Words and Pix by Chris Marais
Old time Karoo festivals take the form of kerkbazaars, where locals gather around a churchy spot and buy each other’s koeksusters.
That custom is still as beautiful as ever and it usually raises really good money for a raft of charitable causes.
Then you have the commercial Karoo festival, where organisers pay vast sums to bring in big-name urban musicians.
But that candy floss wagon, this tired food truck you last saw at a fees in Thabazimbi, that Biltong King, this Pizza Queen and that long line of creepy China Crap stalls is the downside of such an enterprise. It’s Groundhog Day for party animals.
Enter the Karoo cultural festival, starring the annual Williston Winterfees, which actually happens in the first bloom of spring, when the Namaqua daisies make their seasonal debut and the Hard Man’s Karoo is all a-glitter with joy, promise and flower-bedazzled tourists with money to burn.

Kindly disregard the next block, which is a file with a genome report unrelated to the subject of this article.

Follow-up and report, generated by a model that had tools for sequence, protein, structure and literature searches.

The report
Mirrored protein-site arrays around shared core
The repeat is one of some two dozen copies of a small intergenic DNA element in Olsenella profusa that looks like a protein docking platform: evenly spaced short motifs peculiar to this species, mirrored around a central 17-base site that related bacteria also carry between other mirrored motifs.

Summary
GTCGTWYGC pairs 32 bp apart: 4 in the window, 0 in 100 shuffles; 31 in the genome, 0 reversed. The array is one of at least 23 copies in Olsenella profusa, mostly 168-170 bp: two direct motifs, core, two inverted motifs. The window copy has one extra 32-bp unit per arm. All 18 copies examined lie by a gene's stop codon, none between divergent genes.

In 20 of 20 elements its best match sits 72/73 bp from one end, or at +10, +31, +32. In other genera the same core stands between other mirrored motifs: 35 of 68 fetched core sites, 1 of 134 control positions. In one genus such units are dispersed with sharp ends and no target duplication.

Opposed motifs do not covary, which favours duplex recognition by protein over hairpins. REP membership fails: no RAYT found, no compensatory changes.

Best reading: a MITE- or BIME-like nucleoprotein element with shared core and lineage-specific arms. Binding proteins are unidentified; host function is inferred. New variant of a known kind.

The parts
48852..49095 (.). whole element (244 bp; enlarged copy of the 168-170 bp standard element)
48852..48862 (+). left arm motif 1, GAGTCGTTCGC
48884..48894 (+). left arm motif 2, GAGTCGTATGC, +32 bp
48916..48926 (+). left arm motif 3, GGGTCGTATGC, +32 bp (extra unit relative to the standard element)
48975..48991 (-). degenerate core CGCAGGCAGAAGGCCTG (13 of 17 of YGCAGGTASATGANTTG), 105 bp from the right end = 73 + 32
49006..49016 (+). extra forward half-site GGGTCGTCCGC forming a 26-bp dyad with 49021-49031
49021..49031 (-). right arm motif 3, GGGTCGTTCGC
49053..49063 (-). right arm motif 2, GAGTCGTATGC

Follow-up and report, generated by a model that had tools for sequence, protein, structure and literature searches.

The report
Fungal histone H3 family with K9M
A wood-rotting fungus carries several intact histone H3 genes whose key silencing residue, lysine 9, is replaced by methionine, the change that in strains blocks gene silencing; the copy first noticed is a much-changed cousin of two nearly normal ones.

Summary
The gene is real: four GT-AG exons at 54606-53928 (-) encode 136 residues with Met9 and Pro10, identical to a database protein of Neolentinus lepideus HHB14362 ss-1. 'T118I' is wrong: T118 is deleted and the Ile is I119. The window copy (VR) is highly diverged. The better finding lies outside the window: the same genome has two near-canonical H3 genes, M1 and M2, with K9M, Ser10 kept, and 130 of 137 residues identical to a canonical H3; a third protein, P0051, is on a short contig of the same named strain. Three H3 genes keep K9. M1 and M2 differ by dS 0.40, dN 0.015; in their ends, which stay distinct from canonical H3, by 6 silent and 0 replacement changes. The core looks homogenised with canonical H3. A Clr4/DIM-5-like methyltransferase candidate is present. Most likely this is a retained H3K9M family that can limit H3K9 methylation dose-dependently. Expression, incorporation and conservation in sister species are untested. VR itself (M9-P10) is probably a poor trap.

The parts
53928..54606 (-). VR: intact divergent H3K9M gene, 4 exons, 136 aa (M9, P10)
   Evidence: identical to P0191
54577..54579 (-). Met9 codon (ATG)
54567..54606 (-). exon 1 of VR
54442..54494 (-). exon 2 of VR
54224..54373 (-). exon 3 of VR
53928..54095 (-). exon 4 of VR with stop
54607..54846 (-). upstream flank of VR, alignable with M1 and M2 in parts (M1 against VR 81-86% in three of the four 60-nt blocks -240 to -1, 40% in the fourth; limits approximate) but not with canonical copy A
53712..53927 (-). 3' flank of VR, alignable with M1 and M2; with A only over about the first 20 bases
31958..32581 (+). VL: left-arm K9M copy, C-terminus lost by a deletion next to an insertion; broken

Yes, there are all sorts of imported musicians on stage in the evenings at the Williston Mall. But in fact they’re just fluffers, support acts for the real stars of the region – the Nama Riel dancers.
And when these blithe spirits take to the arena on the last and most important day of the Williston Winterfees and the dust begins to fly, you know you don’t really want to be anywhere else in the world but right here. Where you are.
- For the latest on the Williston Winter Festival, which begins on August 31, go HERE.